Expedia is preparing to start moving from Bellevue into their new campus on the Seattle waterfront starting as soon as next year. And work is very clearly in high gear across their huge new space.
For the past year, the Elliott Bay Trail has been detoured around the campus work zone while crews went to work on a project to rebuild and significantly expand the trail and nearby park area where Smith Cove meets the bay.
And, yeah. It’s pretty great. Check it out in the video above.
For folks heading southbound, the Elliott Bay Trail has just meandered through a very industrial stretch of Interbay next to busy rail lines. Then the trail takes you past Smith Cove and the cruise ship terminal, and you start to get your first glimpses of the bay.
Previously, the trail made a sharp turn just as the bay and downtown Seattle came into view. This was kind of cool, but also a bit cramped and unnerving. Your attention was sort of pulled in two directions: Check out that amazing view, and make sure you don’t run into anyone behind the blind curve.
Now, the space is much more wide open with a wide, gradually-curving trail. There’s also a terraced little hill you can climb up and just sit for a while and enjoy one of the best views in the city.
And this trail is not just for looks. Expedia needs to figure out how to get their 4,500 employees to this new campus, which has limited transit connections compared to, say, South Lake Union or downtown. And as you bike by the campus, you’ll see some massive car parking structures there, ready to house 2,300 cars. That’s a lot of driving, and a lot of time waiting on an even more crammed Mercer Street. No thank you.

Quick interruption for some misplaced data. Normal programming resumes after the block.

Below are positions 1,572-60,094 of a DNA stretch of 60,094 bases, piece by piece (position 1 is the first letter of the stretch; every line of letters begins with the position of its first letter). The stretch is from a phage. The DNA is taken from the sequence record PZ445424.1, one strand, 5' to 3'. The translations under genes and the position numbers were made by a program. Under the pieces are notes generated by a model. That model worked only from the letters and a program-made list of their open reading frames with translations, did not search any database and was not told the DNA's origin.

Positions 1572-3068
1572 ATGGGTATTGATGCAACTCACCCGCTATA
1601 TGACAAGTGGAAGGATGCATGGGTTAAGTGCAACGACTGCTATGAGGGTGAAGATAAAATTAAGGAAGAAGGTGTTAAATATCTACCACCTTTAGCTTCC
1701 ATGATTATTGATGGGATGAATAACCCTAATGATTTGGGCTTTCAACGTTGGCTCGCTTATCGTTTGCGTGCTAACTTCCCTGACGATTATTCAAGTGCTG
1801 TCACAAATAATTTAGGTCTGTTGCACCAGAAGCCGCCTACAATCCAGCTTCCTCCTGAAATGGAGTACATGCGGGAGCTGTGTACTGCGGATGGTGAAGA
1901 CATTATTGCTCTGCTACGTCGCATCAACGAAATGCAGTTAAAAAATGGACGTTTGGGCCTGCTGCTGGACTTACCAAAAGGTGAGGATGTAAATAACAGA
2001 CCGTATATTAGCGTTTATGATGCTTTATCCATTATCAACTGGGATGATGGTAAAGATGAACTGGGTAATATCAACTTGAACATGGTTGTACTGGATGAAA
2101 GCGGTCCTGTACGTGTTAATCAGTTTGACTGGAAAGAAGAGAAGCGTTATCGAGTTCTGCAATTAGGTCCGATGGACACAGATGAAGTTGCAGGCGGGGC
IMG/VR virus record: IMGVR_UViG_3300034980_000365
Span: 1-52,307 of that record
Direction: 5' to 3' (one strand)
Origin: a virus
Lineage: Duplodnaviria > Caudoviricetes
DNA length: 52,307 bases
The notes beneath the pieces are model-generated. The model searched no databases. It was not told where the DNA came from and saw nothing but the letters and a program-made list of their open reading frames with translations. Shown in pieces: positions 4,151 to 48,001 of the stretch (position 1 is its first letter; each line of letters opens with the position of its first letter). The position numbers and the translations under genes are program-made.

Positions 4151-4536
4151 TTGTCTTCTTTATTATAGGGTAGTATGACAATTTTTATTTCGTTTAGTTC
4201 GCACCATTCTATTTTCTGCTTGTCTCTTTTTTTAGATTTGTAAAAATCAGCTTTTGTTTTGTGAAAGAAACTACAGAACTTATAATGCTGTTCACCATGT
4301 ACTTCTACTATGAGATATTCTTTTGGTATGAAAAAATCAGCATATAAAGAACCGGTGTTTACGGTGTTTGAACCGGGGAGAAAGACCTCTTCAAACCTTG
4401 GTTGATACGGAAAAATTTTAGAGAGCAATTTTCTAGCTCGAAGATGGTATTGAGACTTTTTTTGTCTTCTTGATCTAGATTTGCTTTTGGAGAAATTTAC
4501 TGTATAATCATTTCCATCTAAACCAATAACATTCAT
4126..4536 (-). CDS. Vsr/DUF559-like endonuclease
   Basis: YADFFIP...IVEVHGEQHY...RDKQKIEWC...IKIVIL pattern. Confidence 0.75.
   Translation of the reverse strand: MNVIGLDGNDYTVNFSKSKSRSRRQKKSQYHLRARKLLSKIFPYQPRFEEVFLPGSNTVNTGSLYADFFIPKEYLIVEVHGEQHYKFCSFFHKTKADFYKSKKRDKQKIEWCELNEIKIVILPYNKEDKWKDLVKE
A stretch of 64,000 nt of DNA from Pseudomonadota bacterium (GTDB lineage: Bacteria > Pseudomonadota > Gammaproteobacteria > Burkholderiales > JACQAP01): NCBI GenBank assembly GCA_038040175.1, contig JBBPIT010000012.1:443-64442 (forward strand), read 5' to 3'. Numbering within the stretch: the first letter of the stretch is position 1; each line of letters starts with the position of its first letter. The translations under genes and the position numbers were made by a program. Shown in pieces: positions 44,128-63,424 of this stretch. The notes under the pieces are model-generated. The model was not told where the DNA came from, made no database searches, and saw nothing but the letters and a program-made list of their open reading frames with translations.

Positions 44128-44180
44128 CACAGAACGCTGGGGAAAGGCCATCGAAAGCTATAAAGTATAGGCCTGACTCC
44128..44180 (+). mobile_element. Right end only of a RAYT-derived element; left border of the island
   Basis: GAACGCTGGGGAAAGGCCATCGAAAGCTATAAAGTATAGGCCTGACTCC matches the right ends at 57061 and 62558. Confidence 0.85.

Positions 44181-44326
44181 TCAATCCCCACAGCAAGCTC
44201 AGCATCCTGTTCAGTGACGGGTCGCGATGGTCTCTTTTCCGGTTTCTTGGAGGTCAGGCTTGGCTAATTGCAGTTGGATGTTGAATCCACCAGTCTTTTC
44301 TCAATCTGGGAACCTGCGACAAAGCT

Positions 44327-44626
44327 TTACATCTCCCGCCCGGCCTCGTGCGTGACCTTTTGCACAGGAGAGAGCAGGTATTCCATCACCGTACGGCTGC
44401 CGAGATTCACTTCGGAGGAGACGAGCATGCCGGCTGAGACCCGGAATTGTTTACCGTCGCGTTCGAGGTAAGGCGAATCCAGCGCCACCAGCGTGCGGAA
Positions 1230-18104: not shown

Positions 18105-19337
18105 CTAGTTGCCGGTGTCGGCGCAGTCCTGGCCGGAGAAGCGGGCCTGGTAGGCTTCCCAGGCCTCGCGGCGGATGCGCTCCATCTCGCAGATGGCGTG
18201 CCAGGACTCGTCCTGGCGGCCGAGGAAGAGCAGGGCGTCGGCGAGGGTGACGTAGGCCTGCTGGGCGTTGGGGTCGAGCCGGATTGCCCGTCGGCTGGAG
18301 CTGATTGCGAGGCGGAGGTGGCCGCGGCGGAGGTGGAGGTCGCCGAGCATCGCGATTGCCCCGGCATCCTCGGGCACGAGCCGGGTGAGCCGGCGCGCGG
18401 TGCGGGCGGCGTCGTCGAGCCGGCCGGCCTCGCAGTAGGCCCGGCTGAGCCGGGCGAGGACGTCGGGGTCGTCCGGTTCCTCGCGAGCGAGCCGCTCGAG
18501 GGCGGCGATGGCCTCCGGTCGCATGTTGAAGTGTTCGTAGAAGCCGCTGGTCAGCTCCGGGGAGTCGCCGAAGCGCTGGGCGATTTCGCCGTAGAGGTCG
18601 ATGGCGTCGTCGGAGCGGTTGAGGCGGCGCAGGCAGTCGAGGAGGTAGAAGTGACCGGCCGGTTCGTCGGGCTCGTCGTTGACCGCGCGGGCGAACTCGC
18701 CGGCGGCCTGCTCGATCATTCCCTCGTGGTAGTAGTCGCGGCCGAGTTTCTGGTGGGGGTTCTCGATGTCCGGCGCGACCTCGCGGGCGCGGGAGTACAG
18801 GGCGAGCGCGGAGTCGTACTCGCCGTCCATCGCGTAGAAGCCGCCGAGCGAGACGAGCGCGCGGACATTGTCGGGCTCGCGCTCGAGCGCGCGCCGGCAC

Especially if the Elliott Bay Trail were fully connected to the downtown bike network (a key part of which was left out of the city’s recent short-term bike plans), this trail could do a lot of heavy lifting for the company’s commutes. It’s an absurdly wonderful way to get to work. Possibly one of the best commutes in the world. So I hope the company is lobbying Seattle hard to get them to complete the connection between the future waterfront trail and the Elliott Bay Trail as soon as possible.